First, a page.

Andrei Arlovski grew up in Minsk, Belarus, and as a youngster he played soccer. In 1994, when he was 14, he began lifting weights to build muscle and to gain strength. His interest in personal fitness and conditioning led Arlovski to take an interest in combat sports. Graduating from high school at 16, he enterd the police academy in Belarus. During his academy education he was told to join the Belarussion National SAMBO Team. A few years later, at 19 he won the Bronze medal at the World Championship Tournament and the next year he received a World title in SAMBO.
In 1999, Andrei won the European Youth Sambo Championship and the World Youth Championship. He also took a silver medal at the Sambo World Cup and another silver medal at the World Sambo Championship. Arlovski began taking a greater interest in other martial arts, studying kickboxing and developing striking skills to complement his Sambo-based grappling abilities. M1 Mix-Fight At the age of 19, Arlovski began his professional MMA career at the Mix Fight M-1 in St Petersburg, Russia in April 1999. It was a fairly inauspicious start, losing by KO to the un-heralded Viacheslav Datsik. Not deterred, Arlovski returned in 2000 to M-1 at the European Championships, taking the heavyweight crown with a submission victory and a knock-out victory. UFC Arlovski made his Ultimate Fighting Championship debut at UFC 28: High Stakes, defeating Aaron Brink by submission. He was thrown in against top opposition early on in his UFC career, taking tough losses against Ricco Rodriguez and Pedro Rizzo. Despite those early defeats, big wins over Ian Freeman and Vladimir Matyushenko propelled Arlovski back into the UFC elite. The motorcycle accident injury suffered by UFC heavyweight champion Frank Mir in 2004 led to the creation of an “interim heavyweight title”. It was decided that the two top heavyweight contenders would meet to declare the interim champion. On February 5, 2005 at UFC 51, Arlovski would face the previous heavyweight champion, Tim Sylvia.
In a rematch with Tim Sylvia on April 15, 2006, Arlovski knocked Sylvia down with a right hand punch early in the first round. Sylvia was able to protect himself and recovered almost immediately. While Arlovski tried to finish Sylvia with a right lead, Sylvia countered with a short right uppercut to the chin, knocking Arlovski to the mat. Sylvia followed up with strikes on the ground until referee Herb Dean stopped the match at 2:43 of the first round.
The rubber match between Tim Sylvia and Arlovski took place on July 8, 2006 at UFC 61: Bitter Rivals. In what turned out to be a 5 round battle of attrition, neither fighter was able to knock out the other, or even land any truly significant blows. In the end Sylvia won the fight by decision. It was later discovered that Arlovski had actually been significantly injured by a checked leg kick sometime in the second period which left him unable to throw kicks of his own or make any takedown attempts. Arlovski did not report his injury during the fight, as is required by UFC rules; indeed, the injury may never have been known except that it was leaked that Arlovski was having an MRI done on his leg a week after the fight. The injury caused his ankle and knee on his left leg to swell up to about four times its normal size. When confronted by a reporter about the MRI, Arlovski avoided responding directly and would only say “I do not want to talk about my injuries or look for any other excuses.” Not too long after it was also revealed Tim Sylvia had sustained an injury as he fainted at his hotel room, and upon hospital examination, doctors discovered a concussion undetected after the match.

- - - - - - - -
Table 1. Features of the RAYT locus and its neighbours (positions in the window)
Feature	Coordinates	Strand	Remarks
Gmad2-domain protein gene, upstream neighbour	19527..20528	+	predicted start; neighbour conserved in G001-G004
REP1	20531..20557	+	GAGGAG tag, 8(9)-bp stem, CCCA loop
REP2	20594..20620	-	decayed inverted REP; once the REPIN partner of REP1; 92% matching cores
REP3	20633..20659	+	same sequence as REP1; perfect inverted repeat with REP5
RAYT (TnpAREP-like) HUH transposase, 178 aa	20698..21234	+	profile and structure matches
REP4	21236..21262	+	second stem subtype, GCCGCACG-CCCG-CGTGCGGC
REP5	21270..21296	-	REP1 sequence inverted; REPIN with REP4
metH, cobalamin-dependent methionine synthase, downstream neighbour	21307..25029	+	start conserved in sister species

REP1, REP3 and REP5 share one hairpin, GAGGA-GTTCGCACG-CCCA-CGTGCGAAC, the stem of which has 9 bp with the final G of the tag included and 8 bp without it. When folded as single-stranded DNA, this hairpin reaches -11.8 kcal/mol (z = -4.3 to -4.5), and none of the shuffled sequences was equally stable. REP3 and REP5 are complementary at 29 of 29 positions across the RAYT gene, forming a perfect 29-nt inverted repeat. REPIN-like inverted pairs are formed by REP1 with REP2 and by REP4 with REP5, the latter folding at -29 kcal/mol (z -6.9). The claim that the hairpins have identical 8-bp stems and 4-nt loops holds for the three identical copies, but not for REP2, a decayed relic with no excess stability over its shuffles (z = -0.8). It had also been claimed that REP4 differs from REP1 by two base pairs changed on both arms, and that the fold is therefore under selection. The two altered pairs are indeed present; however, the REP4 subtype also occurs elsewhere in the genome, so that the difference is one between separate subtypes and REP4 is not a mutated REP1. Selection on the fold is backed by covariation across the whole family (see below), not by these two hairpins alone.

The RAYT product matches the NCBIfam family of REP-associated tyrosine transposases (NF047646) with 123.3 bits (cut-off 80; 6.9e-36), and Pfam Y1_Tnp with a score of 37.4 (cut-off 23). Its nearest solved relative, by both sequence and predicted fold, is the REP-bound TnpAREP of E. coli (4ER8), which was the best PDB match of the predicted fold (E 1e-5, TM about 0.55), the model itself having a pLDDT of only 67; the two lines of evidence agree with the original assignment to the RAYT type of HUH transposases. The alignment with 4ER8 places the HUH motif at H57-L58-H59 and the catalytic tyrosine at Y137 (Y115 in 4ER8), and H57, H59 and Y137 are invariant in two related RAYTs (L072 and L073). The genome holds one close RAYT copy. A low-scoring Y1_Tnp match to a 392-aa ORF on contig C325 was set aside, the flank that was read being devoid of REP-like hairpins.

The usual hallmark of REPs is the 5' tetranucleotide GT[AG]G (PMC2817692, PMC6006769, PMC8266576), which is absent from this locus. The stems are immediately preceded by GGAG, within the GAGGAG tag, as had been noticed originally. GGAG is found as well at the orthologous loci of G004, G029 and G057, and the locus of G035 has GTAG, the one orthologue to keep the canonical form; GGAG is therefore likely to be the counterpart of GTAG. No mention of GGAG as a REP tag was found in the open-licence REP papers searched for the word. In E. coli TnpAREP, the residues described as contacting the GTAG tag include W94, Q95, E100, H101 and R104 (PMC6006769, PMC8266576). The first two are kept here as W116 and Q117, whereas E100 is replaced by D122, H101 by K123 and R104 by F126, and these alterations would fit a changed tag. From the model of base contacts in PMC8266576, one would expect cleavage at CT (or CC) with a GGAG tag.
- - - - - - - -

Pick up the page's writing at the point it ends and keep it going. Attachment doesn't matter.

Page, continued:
Arlovski fought PRIDE Fighting Championships veteran and Brazilian jiu-jitsu black belt Fabricio Werdum at UFC 70 and won by unanimous decision. Both fighters kept their distance for the majority of the fight, causing the referee to inform them at the beginning of the third round that he would remove a point from the first fighter to retreat in that round. Although Arlovski won the fight by unanimous decision, many boos could be heard from the crowd. After the fight Arlovski apologized to the fans for fighting for the full fifteen minutes.
Reports surfaced claiming that Arlovski would not fight again in the UFC, instead choosing to wait out his contract before moving on to a different fighting organization. Arlovski’s representatives later denied these claims and said that Arlovski was looking forward to his next fight in the Octagon.
After 11 months of inactivity, Arlovski made his return to the octagon at UFC 82 and defeated Jake O’Brien via TKO in round two. With this win, Arlovski gives O’Brien his first ever MMA loss.
Arlovski left the UFC with a record of 10–4, including going 3–2 in title fights.